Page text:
Nathan Bowles is a multi-instrumentalist musician and teacher living in the mountains of southwestern Virginia. His work, both as an accomplished solo artist and as a sought-after ensemble player, explores the rugged country between the poles of Appalachian old-time traditions and ecstatic, minimalist drone. Although his recent solo recordings prominently feature his virtuosic banjo, Bowles is also widely recognized as a masterful and versatile drummer, and he considers himself first and foremost a percussionist, with banjo as a natural extension of his percussive practice.
He and his bandmates in the popular and critically acclaimed old-time group the Black Twig Pickers steep themselves in local traditions of Appalachian folk music and dance, very much a vital part of cultural life in their region of Virginia. As a member of the long-running improvisational drone outfit Pelt, Bowles focuses on the various sonic possibilities inherent in struck and bowed percussion—metal, wood, skin, or otherwise. When playing by his lonesome under his birthname, he prefers either minimal and hyper-nuanced percussive drone or tranced-out solo clawhammer banjo. Bowles has also recorded, collaborated, and performed with Steve Gunn, Jack Rose, Hiss Golden Messenger, Black Dirt Oak, Scott Verrastro, Pigeons, Spiral Joy Band, and others.
The seven songs on his second solo album Nansemond deploy banjo, percussion, piano, tapes, and—for the first time—his robust voice, moving effortlessly between composed sections, improvised passages, and field recordings. The Nansemond suite demonstrates the elasticity of Appalachian and Piedmont stringband music and the inherent connections, when those forms are distended, dilated, and dissected—as in the “Sleepy Lake” pieces, “Chuckatuck,” or “Golden Floaters/Hog Jank”—to contemporary improvised and post-minimalist avant-garde music. Bowles’ inventive playing on the album somehow finds common ground between tradition-bearing masters like Dock Boggs, Dink Roberts, and Etta Baker and the outré compositional experiments and extended techniques of Paul Metzger, Clive Palmer, and Henry Flynt. But these two strains always feel purposefully and organically integrated, not distinct or hierarchical, and that elegant and novel elision is perhaps the most notable accomplishment of these hypnotic recordings: they respectfully refuse to accept the porous boundaries between Southern vernacular music and modernism.
Nathan will release an immersive new album in late 2016.
U14’’s to be accompanied. NO FLASH/RECORDING
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- By Rail
Direct trains go from London Victoria, Brighton and Ashford to Bexhill.
There are also trains from London Charing Cross, changing at St. Leonards Warrior Square and from London Bridge or Charing Cross going to Battle. Battle is only a short taxi journey away (15 mins approx).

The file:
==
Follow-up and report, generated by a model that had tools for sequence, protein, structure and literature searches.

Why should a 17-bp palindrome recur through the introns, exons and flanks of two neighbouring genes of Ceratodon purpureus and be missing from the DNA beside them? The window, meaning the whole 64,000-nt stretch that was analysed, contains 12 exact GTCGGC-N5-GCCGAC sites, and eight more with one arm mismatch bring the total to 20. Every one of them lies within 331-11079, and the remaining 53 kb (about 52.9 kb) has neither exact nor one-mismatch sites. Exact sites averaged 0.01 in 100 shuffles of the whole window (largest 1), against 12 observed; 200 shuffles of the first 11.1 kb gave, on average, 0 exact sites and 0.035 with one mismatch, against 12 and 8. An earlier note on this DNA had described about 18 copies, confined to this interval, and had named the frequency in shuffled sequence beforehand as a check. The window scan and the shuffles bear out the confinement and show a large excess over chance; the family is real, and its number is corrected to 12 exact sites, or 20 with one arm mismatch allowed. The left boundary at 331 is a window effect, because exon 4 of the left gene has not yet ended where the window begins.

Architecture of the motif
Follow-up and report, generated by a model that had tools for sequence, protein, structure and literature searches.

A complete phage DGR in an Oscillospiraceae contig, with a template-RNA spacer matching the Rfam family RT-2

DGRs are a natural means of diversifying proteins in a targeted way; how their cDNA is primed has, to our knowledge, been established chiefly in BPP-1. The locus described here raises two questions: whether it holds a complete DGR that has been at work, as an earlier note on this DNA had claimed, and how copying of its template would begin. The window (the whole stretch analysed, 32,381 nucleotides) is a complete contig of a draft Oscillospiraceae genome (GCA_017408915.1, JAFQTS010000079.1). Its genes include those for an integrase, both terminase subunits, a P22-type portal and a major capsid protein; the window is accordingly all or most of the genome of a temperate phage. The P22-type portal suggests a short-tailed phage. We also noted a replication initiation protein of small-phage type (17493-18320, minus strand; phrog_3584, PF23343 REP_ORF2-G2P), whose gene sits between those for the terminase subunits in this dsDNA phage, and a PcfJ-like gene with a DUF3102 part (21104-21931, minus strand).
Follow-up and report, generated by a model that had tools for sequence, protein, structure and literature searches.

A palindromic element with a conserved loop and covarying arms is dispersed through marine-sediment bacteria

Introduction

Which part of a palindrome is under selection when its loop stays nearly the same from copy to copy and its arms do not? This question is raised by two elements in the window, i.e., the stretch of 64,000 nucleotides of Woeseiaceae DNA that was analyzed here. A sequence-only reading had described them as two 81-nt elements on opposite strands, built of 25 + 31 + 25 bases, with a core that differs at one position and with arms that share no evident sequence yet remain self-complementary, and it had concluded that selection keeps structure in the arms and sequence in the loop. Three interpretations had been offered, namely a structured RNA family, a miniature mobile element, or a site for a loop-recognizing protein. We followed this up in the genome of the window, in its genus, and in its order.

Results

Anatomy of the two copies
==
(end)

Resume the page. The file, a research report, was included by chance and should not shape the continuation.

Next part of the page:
Visit www.nationalrail.co.uk for up-to-date train travel information.
Town Taxis: 01424 211 511
Parkhurst Taxis: 01424 733 456
- By Car
If driving from the London area:
Take the M25, then A21 to Hastings. Turn off at John‘s Cross and follow the signs to Bexhill.
Take the A22 to Eastbourne, go across the Bishop roundabout to the A271 and follow the signs to Bexhill and the seafront. The De La Warr Pavilion is on the Marina.
From the Brighton area:
Follow the A27 out of Brighton until you arrive in Bexhill On Sea.
Please be aware the Rother District car park outside the De La Warr Pavilion operates paid parking until 7pm. After this time parking is free.
Within the limits of this Grade One listed building, the De La Warr Pavilion strives to be fully accessible with a range of facilities to support your visit.
Assistance Dogs are permitted into the building.
Please contact the Box Office on firstname.lastname@example.org to arrange a visit.
Facilities for disabled visitors
- Ramped access at the front of the building
- A low counter at the Box Office and Information Desk
- Disabled toilets on two floors
- A lift to all floors
- Accessible galleries on both floors
- An accessible Café
- Spaces for wheelchairs in the auditorium for seated events
- Ramped access in the auditorium for events during the day
- Ramped access into the Studio
- Two travel wheelchairs are available for use at the De La Warr Pavilion. To reserve, please call our box office and information desk on (01424) 229111 or ask a member of staff on arrival. The chairs are provided on a first come, first served basis and are intended for use inside the Pavilion. Please contact us for more information.
Facilities for blind or visually-impaired
- Large print season brochures
Facilities for the hard-of-hearing
- An T-Switch induction loop in some areas of the auditorium (please indicate when booking as this facility is not available on the balcony)
- British Sign Language interpretation tours of the building and exhibitions are available on request.